Economic Development Council looks to invest in downtown real estate

LACONIA — The Belknap Economic Development Council is considering targeting distressed downtown buildings and using its own money — coupled with that of other public and private investors – to purchase, rehabilitate, and resell them as a way of spurring development in the downtown area.

The new project was announced yesterday morning at a breakfast meeting at the Belknap Mill hosted by the organization's board of directors for community stakeholders.

The BEDC is using the services of Jack Dugan — the longtime chair of the Monadnock Economic Development Council — who used a similar approach in downtown Keene that led to its revitalization.

"We want to take distressed properties and turn them into more productive properties," said Henry Lipman who is the chair of the BEDC.

According to Vice Chair Randy Eifert, the BEDC has seen a drop off in the number of small businesses coming to it for short-term business loans.

Traditionally, the BEDC served as a sub-prime lender — meaning it provided loans, using USDA Rural Development money, to businesses who did not immediately qualify for traditional lower interest bank loans.

When the then BCEDC was founded in the 1980s, Lipman explained that many banks had failed in the wake of the savings and loan crisis and money for capital projects from traditional banks had dried up.

Fast forward to today and banks are awash in money and most business people with a viable plan can qualify for corporate loans at more favorable rate than that offered by the BEDC.

Eifert said the BEDC has about $800,000 in capital and would consider "(holding) its nose and overpaying to get a hold of the right piece of property."

Using the Keene model, ideally the building would be rehabilitated using BEDC money that could be used to attract additional community development money and private investment, put to a productive purpose, and resold on the private market with the proceeds going to purchase yet another distressed building.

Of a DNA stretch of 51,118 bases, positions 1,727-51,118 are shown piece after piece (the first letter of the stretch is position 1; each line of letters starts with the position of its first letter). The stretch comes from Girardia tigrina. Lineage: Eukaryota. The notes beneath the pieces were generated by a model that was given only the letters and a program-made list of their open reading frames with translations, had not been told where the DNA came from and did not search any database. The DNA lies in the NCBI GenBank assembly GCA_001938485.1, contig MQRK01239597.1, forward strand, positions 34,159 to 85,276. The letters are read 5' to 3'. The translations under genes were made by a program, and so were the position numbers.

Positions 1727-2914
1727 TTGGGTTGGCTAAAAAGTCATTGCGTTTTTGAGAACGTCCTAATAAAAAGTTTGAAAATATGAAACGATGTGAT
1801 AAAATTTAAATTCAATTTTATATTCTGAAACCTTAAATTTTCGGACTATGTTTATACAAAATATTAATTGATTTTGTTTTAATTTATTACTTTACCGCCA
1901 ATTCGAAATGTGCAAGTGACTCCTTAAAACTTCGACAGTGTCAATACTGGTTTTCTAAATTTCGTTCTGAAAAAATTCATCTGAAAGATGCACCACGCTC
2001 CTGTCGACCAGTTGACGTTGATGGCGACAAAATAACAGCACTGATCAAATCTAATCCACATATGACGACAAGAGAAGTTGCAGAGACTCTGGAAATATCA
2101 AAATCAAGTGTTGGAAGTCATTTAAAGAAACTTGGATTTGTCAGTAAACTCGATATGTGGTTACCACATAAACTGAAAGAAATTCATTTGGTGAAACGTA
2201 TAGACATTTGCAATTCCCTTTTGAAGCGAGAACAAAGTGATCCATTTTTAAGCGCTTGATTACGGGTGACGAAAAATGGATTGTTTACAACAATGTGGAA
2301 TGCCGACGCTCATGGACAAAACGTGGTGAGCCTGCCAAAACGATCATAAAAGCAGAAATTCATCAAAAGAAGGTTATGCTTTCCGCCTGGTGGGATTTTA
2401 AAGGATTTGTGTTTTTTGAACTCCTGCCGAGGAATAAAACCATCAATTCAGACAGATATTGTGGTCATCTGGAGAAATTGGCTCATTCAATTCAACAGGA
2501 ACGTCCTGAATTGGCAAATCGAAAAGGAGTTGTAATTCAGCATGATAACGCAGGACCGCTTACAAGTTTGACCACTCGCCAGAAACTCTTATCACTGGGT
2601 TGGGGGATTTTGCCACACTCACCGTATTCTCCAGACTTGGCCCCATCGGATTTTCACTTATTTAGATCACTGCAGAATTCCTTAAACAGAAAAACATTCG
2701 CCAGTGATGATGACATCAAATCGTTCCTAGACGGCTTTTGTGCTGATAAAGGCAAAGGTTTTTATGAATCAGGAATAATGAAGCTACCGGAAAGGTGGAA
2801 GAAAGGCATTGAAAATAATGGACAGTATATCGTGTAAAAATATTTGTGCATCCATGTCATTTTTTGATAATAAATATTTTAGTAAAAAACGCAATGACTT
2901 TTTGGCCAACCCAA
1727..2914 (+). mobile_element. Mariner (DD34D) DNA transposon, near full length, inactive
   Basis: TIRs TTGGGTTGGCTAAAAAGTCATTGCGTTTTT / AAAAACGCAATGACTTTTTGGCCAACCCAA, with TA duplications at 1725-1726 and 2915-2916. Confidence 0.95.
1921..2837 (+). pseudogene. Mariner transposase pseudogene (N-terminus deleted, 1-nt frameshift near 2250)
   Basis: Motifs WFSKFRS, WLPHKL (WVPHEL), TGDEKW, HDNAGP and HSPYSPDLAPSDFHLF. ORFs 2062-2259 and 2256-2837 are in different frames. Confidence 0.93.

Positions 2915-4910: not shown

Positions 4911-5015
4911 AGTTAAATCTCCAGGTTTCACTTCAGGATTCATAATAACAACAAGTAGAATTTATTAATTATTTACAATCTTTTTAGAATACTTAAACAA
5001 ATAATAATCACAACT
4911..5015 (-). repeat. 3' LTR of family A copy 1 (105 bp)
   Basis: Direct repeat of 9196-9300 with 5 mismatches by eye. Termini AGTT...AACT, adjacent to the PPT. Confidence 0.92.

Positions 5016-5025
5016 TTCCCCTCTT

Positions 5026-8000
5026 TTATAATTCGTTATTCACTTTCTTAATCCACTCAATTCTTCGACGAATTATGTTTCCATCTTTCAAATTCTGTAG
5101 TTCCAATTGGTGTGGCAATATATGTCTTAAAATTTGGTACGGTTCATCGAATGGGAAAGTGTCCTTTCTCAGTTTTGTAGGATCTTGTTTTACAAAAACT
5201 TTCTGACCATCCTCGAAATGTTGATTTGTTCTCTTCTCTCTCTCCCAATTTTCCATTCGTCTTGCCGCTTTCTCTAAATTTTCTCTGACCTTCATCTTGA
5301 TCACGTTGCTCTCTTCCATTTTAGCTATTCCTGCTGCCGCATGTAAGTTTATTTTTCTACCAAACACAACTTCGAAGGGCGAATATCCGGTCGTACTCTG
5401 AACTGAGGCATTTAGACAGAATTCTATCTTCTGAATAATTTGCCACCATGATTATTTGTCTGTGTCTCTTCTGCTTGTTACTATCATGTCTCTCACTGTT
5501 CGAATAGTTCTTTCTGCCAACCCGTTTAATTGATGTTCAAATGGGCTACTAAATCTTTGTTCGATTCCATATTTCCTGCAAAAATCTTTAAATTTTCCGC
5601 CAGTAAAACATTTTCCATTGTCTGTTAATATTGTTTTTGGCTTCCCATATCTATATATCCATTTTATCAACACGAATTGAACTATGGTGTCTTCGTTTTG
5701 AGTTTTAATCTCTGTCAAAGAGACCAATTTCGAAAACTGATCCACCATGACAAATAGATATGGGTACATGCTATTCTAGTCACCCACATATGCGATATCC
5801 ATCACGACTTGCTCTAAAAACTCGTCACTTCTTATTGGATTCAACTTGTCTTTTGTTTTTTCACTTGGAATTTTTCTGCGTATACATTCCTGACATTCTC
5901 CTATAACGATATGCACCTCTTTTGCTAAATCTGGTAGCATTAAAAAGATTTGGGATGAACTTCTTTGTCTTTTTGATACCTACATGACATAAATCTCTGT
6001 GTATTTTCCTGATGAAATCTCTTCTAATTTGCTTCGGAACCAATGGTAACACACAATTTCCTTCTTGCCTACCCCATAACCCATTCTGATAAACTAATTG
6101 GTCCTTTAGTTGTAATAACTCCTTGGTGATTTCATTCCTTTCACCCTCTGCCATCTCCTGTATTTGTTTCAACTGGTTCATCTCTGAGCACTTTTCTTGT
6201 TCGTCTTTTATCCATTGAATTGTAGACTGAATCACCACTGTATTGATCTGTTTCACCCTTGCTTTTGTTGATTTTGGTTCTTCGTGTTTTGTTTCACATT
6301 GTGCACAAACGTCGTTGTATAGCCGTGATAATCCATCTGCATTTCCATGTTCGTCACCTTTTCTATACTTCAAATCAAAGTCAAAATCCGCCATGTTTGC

Should a building be in the downtown TIF or Tax Increment Financing District, the increase in taxable value would be used of offset any infrastructure costs needed for the project.
The newest project of the BECD would be augmented by the three already stated goals of the — to retain and attract young talent to the Lakes Region, to support creative entrepreneurs, and to enhance workforce development programming.

Domestic violence issue center stage at candidate forum in Laconia

LACONIA — Candidates for county and state political offices offered a variety of ideas for dealing with domestic violence at a candidates breakfast forum Friday morning which was hosted by the Belknap County Family Violence Prevention Council and held at the Lakes Region Community Services headquarters building.
Most agreed that domestic violence is a learned behavior which is brought about by a variety of causes, ranging from alcohol and drug abuse to poverty and mental illness, but independent candidate Peter Bolster of Alton, who has been a pastor for 50 years, said that he views it as a spiritual problem, ''welling up within all of us'' and said it is mirrored within our politics even at the local level.